At this time last year, the administration had been predicting an imminent end to the violence with the rise of the
“purple finger”, but a look at the stats shows that the violence has only increased and shifted toward softer civilian targets outside the even more fortified “Green Zone.” At this time last year, the insurgency was in its “last throes”, according to Dick Cheney. To believe the Bush administration’s cheerleading now would only be a sign of feeble-mindedness on the part of the listener.

"It is also important for every American to understand the consequences of pulling out of Iraq before our work is done....We would hand Iraq over to enemies who have pledged to attack us....To retreat before victory would be an act of recklessness and dishonor--and I will not allow it."

David Corn of the The Nation magazine has put it, “If the United States pulled out everything tomorrow, that would not ‘hand Iraq over’ to al Qaeda and other jihadists (who may number only 1000 or so). The Iranian-backed Shiites (and their militias) would hardly roll over. And whatever accommodation reached between the Sunni insurgents and the foreign fighters would probably go poof. Whether withdrawal is the right policy or not, it is a scare tactic to depict disengagement as leading inexorably to an Iraq run by al Qaeda.”

"We remember the words of the Christmas carol, written during the Civil War: 'God is not dead, nor (does) He sleep; the Wrong shall fail, the Right prevail, with peace on Earth, goodwill to men.”

Again, I’ll quote
David Corn: “Justifiably or not, many folks around the world see the war in Iraq as a war on Islam. Given this sad reality, is it wise to be quoting a Christmas carol to defend and promote the war?” Mr. Bush continues to live in the fantasy world that his interpretation of God’s intent will hold some influence around the world. I realize that many Americans’ beliefs may be in lock-step with Bush’s, but to allude to our violent actions as Right and prescribed by God is to exhibit profound insensitivity toward the religious beliefs of perhaps the only people in the world whose religious beliefs are more irrational and heartfelt than Bush’s. Please, tell Mr. Bush to stop this; he’s not helping.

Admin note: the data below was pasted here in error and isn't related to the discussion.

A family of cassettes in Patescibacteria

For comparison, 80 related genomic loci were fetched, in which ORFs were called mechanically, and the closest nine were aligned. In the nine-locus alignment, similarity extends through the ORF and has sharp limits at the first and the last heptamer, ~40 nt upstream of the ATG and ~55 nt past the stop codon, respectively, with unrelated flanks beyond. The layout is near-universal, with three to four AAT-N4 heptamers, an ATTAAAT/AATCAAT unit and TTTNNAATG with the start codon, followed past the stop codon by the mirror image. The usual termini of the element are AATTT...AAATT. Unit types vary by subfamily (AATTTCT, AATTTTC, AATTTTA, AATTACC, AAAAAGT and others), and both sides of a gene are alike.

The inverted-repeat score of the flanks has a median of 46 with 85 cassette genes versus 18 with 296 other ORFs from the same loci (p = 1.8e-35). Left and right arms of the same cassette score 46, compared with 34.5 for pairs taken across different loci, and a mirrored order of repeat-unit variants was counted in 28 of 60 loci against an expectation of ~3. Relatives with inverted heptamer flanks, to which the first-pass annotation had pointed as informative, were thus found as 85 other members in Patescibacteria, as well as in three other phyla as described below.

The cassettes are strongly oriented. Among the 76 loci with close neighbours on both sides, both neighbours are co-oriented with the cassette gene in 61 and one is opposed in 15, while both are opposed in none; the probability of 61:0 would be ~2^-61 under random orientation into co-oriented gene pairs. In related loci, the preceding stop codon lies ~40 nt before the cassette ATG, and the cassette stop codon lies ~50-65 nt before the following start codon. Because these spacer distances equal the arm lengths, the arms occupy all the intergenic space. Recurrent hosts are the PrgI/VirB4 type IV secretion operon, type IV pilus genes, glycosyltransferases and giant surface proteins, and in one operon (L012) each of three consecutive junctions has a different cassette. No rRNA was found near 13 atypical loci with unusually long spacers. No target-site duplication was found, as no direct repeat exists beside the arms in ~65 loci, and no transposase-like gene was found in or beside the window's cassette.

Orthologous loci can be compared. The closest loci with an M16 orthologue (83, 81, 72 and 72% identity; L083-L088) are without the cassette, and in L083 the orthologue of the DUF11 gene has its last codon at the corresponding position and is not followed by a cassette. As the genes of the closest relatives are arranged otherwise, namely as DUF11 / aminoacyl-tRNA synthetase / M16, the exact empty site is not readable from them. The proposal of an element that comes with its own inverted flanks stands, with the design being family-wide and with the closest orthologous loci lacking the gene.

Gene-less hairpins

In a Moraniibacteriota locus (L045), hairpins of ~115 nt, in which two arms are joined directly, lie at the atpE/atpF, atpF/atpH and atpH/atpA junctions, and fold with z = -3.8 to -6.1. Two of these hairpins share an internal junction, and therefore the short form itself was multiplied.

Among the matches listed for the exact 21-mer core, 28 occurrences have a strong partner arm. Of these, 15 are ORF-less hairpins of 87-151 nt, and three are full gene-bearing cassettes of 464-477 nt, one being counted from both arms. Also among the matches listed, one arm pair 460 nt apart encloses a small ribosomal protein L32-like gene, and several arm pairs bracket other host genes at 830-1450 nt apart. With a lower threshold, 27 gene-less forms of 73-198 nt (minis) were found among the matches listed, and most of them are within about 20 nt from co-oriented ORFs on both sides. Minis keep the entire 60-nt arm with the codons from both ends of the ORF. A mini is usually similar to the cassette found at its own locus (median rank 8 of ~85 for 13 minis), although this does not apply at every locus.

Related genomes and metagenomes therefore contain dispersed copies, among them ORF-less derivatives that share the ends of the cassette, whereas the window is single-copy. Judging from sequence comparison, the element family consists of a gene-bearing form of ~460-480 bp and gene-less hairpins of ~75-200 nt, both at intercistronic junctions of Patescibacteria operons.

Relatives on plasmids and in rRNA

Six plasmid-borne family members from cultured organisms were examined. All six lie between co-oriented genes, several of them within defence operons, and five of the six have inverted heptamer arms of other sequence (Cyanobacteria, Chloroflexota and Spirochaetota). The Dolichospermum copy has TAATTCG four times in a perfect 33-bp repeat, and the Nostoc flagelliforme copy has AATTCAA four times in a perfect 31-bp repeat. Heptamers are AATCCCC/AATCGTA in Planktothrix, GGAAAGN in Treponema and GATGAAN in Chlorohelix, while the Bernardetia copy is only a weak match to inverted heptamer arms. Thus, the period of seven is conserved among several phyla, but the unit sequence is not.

In conclusion, Bush’s series of speeches hardly outlined any “Plan for Victory,” instead they contained the same worn out cheerleading that has served as a military plan for the past three years. To continue to make predictions about a war, when all his previous predictions have been shown to be completely wrong, seems like a sign of insanity to me. Will they be true this time? Mr. Bush, even your supporters have stopped defending you, so please stop talking.

My input represents only a quick perusal of a few pertinent statements that caught my attention. Bush’s rhetoric is usually so full of inaccuracies that most of his outright lies are lost in the sheer volume of bullshit, and I do not pretend to even scratch the surface. Paying close attention to the president’s activities is dangerous to one’s positive outlook, and I admit that for my own mental health, I must divert myself from our continued international nightmare known as George W. Bush.

(And, ummm, oh yeah… Go Bears.)

*Personally, I prefer the Confucian version, "Do not do to others what you do not want them to do to you" (Analects 15:23). While it’s slightly different than the newer Christian version, this statement more accurately portrays proper ethical behavior in complex social situations. Regardless of one’s flavor of social justice, stick with it and live it.